The last event I will talk about was organized by my cousin Scott who runs a tour business called Scott’s Pizza Tours. On the tours, he takes his customers all around New York to different pizzerias and in between the stops he teaches them about pizza and its history. When he heard that I was looking for community service, he told me about an event that he organizes and runs called Slice out Hunger. The event started in 2010 on the 1-year anniversary of the company. In order to celebrate this big milestone, some pizzeria owners sent Scott pizza pies. Since Scott knew that he couldn’t eat the pizza all by himself, he invited social media followers and friends in New York to share the pizza at $1 per slice. By the end, he had raised a few hundred dollars, which he donated to a charity to help feed the homeless. Now, Scott is in his 5th year of the event and it has grown dramatically, with more and more pizzerias contributing to the event. This year, they were able to collect $12,900 for City Harvest. That’s a lot of money that is ALL going to a great cause! Now, thanks to Scott, pizza restaurants in Las Vegas want to start their own Slice out Hunger events and he is hoping that other cities like Chicago, Los Angeles, San Francisco, Philadelphia and Boston will follow.

The Slice out Hunger event itself was amazing and I would absolutely do this again, community service or not. Now, you may ask, what did I do, since this is all about community service in the first place, right? Well, I was in charge of garbage control. It was my job to run around the event picking up empty pizza boxes and recycling them into piles. And boy was it a workout! By the end of the night, I could barely hold my head up. This was my absolute favorite of all of the community service events that I participated in, and made me feel the most that my hard work was going to a great cause. I hope to do it again next year.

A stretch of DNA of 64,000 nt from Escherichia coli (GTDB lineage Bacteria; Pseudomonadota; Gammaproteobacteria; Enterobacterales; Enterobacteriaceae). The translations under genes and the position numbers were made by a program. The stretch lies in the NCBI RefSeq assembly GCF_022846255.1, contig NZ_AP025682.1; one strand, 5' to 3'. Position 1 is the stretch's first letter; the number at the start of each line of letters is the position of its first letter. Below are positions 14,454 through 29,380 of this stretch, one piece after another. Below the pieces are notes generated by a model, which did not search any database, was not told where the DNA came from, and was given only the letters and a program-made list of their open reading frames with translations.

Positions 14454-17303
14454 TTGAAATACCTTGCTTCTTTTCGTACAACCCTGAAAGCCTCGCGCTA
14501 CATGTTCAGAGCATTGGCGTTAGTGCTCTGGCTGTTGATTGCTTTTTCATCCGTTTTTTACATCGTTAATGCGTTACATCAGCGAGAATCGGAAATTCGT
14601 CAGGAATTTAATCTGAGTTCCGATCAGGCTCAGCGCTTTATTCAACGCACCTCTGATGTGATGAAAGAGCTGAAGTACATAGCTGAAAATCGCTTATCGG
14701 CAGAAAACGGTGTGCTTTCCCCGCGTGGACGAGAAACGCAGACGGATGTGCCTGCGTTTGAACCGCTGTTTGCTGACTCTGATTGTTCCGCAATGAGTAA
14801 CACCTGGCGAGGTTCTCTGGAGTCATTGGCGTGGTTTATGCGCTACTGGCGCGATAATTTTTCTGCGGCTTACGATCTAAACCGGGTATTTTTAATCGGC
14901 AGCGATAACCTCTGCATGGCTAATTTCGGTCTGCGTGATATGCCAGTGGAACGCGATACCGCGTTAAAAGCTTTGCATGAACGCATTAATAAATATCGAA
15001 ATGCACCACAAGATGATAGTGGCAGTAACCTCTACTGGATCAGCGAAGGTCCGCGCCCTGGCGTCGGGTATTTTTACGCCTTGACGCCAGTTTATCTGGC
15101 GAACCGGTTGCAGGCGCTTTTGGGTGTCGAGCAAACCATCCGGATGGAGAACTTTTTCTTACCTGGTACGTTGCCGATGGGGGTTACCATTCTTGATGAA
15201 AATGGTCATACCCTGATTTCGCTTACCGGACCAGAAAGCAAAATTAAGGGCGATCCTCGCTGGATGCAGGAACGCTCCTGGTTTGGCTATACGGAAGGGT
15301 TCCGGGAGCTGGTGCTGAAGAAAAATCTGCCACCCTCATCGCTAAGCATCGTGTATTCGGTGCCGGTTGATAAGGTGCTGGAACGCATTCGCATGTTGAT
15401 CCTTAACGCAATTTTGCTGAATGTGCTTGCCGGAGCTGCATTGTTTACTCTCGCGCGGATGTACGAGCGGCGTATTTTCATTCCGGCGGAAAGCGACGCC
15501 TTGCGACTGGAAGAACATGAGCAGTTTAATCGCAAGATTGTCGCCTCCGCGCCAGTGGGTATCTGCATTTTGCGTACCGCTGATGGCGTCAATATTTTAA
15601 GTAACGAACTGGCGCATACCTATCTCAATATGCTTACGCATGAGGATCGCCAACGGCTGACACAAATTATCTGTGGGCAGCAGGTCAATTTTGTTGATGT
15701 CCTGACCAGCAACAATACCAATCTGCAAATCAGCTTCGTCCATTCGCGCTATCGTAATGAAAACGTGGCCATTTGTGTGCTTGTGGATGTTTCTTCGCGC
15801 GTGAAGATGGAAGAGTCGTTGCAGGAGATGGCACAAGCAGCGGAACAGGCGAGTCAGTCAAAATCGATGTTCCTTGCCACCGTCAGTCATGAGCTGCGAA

In conclusion, I had a surprisingly good time participating in community service as a part of becoming a Bar Mitzvah. In the end, I am happy that I did these events because they allowed me to perform different acts all to help causes that I feel strongly about and care for, with people I care about. I truly believe that after doing Community Service, that I have become a better person, whether it is helping one of my brothers to finish their homework, or donating money to a charity that I share similar beliefs with like The Lily Sarah Grace Fund, which I will now tell you about.

After thinking about different organizations and charities with my parents and by myself, I have chosen to donate a portion of the gift money I receive to the Lily Sarah Grace Fund. This fund was started by a creative director that my mom worked with named Matthew Badger. He started the fund to honor his 3 daughters, who passed away in a Christmas day fire 2 years ago. The charity donates money to lower income schools that want to do project based learning in their classrooms. Mr. Badger chose this as the focal point of the organization because his daughters suffered from learning disabilities, and they seemed to strive in environments where learning was taught hand in hand with art and creative projects. In their first year alone, they have supported over 1,000 projects in elementary schools all over the United States. After participating in various events, I am sure that I will be volunteering to do community service again in the future.